Like any business it has ups and downs. We have been making it grow, in terms of the brands that support us, in terms of tickets, and we have been growing in the hospitality area, from the sales point of view. It is also true that we have been upping our investment in the tournament, because this is the second year, for example, that Carlos Alcaraz has come to play. It is a tremendous investment for this tournament. Did we sell more? Yes, we sold much more, but the truth is that we also spent much more. Alcaraz confirmed his presence on January 15. The chances of selling more brands or more things between January 15 and February 10 were nil. But it is a tournament that has been growing, whichever way you look at it. In audience numbers, in television viewership, in ticket sales, in turnover, in everything. We have been building and modernizing it, as was our plan.

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Was there an improvement in profitability this year compared to 2023?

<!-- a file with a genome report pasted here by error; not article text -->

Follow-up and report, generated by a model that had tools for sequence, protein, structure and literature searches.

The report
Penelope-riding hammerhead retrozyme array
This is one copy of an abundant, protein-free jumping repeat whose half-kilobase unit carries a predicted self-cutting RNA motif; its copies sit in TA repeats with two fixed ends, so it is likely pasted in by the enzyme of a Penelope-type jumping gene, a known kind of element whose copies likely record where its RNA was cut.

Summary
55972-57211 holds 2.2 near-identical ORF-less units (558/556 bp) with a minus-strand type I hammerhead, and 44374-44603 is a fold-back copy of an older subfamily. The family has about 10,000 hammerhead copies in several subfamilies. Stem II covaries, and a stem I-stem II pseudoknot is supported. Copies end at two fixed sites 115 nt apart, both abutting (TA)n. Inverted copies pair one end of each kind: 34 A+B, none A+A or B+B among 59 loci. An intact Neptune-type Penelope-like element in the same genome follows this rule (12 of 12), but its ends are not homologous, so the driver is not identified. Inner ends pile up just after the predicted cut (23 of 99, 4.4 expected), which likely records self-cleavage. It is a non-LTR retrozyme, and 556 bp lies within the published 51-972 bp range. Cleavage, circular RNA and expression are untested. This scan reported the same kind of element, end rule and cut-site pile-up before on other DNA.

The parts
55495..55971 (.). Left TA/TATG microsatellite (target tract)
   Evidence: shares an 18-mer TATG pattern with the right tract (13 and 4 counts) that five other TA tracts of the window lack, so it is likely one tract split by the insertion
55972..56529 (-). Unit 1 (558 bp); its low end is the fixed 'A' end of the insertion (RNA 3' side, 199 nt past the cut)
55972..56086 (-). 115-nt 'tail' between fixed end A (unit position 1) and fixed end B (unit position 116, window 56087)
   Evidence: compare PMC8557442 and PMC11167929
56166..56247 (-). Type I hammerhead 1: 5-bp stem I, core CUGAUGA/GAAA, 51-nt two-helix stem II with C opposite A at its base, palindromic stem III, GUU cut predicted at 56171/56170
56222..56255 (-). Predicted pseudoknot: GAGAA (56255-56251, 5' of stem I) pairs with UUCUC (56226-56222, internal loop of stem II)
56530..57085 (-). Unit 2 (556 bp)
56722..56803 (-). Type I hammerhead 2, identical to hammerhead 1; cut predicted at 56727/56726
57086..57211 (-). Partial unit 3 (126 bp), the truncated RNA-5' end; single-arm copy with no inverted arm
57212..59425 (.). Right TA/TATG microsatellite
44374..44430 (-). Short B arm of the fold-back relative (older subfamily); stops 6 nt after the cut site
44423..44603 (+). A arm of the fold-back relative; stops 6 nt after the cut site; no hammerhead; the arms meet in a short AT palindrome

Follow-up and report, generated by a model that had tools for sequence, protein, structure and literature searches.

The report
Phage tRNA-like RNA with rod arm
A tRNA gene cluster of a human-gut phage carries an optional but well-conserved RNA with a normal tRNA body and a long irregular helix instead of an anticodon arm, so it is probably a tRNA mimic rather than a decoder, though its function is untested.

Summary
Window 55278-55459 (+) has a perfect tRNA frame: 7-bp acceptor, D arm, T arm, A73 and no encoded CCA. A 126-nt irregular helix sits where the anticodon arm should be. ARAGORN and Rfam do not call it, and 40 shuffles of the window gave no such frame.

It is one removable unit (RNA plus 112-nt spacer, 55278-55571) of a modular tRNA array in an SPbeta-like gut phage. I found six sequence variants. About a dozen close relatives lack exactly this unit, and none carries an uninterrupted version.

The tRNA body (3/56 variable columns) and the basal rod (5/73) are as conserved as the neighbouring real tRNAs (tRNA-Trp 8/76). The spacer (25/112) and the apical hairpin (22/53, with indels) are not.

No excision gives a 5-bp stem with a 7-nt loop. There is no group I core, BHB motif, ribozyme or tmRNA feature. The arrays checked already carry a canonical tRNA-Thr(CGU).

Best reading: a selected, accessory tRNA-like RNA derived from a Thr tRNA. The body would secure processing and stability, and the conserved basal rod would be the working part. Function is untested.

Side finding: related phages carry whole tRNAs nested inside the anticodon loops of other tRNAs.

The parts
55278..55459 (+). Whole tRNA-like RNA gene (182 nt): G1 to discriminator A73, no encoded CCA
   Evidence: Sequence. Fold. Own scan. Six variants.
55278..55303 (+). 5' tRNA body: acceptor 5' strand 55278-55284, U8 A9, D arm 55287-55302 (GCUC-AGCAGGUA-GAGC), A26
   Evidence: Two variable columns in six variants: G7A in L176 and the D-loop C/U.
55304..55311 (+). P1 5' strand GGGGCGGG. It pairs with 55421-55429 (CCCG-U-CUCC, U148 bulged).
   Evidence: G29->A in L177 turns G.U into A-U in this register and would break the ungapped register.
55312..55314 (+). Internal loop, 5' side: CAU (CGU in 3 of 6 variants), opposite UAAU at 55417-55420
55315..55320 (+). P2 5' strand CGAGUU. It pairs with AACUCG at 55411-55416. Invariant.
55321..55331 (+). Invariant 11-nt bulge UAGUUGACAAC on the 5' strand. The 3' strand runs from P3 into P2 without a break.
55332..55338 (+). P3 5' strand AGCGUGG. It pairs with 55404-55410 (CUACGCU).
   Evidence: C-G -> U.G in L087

I don’t know yet, because we have four days of tickets left that can make the difference for one side or the other, of ticket sales. It is an answer that is almost impossible to anticipate. Last year when we did this tournament the dollar was at ARS$240 and today the dollar is at ARS$1,100. So, maybe in pesos, yes, and maybe in dollars, no.

Ticket prices rose sharply this year when measured in dollars. Was that for any particular reason?

Yes, because we invested in this tournament in dollars. The prizes are paid in dollars. We pay US$800,000 in prizes and I have to pay in dollars. So that’s one thing. And then we invest over a million dollars in players to make the tournament a good one, and those players are also paid in dollars. They don’t care if it’s blue, official, Coldplay [dollar exchange rates in Argentina] or whatever, they want dollars. So, if you have assumed those commitments in dollars, how do I fulfill those commitments? In the end, the only thing I sell here are tickets, and well, I have to raise the price of the tickets, to share the pain. Profit was hit in dollar terms, but I also have to try to tell the consumer, look, what you come to see I am going to have to pay for that in dollars. The option was, either we start selling tickets in dollars, and then we are all at ease... but that’s not possible in Argentina.